The exhibit, curated by Lisa Gordillo, curator and director of the Rozsa Galleries, features photographs by Breitbach and mixed media paintings by Miner. Both artists’ work investigates stories about local and national lands.

Our collaboration is dynamic and thought-provoking. The exhibit digs into the myths and the tensions present in our landscapes, and the peoples who have histories there. Both artists work to uncover, and to showcase, stories that may not be present at a first glance.—Lisa Gordillo

This exhibit is part of Gordillo’s effort to showcase minority voices within the gallery, and to pay special attention to First Nation artists. According to Gordillo, “It’s very important for all of us, but especially for Michigan Tech, as our campus sits on Ojibwe lands. I hope this exhibit inspires thoughtful conversations about landscape, land-use and the many heritages of our nation.”

Amanda Breitbach’s photographs and Dylan Miner’s cyanotype-process paintings recompose the narratives we often speak when talking about “the land,” “expansion,” and “environments.” Together, the two artists dig into the myths and tensions that exist within the landscape and peoples who have histories there.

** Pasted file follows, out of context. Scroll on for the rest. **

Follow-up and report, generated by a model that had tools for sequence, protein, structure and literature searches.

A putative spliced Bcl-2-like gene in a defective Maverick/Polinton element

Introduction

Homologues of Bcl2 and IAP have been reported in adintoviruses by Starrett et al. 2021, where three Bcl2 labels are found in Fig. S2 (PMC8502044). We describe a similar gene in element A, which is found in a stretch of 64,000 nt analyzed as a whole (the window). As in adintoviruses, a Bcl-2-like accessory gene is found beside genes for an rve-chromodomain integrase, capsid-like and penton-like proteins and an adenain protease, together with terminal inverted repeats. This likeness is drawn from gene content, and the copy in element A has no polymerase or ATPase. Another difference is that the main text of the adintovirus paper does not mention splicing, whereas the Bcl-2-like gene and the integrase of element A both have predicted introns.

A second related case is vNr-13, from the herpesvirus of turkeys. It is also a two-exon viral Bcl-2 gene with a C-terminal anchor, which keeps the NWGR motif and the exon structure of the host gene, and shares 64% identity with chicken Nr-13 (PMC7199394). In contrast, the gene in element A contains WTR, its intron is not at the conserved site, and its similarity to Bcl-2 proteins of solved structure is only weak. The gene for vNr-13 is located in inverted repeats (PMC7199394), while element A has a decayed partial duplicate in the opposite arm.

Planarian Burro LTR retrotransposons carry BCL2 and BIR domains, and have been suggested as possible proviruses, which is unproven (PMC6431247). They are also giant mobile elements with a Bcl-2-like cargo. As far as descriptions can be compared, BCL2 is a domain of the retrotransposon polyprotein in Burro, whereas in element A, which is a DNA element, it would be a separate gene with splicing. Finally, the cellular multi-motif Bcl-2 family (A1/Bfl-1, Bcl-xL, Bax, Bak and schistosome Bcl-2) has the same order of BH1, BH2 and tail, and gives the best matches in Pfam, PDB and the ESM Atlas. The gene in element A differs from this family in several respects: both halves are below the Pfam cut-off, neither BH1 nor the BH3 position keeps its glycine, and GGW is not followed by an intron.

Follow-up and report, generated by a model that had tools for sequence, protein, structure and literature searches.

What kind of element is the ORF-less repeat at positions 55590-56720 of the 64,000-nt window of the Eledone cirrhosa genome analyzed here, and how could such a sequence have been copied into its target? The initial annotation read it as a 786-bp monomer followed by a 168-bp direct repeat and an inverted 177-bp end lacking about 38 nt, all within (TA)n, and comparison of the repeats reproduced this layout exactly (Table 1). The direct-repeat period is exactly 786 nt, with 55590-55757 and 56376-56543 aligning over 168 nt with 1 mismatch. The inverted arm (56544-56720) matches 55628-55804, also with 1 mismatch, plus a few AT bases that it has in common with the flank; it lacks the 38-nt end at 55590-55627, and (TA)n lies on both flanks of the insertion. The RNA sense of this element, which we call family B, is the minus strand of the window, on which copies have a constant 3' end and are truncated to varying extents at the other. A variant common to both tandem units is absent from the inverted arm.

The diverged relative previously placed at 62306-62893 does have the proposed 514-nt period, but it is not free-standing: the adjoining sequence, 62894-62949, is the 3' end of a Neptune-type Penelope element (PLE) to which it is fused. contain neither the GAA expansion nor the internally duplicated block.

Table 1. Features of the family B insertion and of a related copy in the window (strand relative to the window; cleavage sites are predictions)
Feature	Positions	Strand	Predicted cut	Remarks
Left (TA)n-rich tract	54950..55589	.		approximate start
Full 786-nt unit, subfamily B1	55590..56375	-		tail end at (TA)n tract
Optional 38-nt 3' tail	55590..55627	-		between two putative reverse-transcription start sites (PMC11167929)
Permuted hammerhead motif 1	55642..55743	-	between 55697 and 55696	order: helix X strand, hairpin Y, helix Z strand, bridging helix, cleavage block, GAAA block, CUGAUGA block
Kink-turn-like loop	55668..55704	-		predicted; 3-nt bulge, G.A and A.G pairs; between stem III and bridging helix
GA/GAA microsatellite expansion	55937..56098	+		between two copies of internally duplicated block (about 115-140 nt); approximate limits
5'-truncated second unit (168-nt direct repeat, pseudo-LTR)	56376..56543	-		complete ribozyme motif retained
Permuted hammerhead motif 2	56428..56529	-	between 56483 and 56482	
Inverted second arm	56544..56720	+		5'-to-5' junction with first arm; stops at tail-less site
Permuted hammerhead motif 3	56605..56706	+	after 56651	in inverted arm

Breitbach is a photographer whose work focuses on the complex relationships between people and land. She grew up on a family ranch in Montana; she offers portraits of a farm in decline, centered within the expansive high plains.  Dylan Miner is a Wiisaakodewinini (Métis) artist, activist, and scholar. His work reimagines the landscape as he layers pigments, minerals, and smoke on top of Upper Peninsula images.

The artists’ visit is supported in part by the Michigan Tech Visiting Women and Minority Lecture Series, which is funded by a grant to the Office of Institutional Equity from the State of Michigan’s King-Chavez-Parks Initiative. Both artists will spend time with the community during their visit.

For more details, contact Lisa Gordillo 7-3096.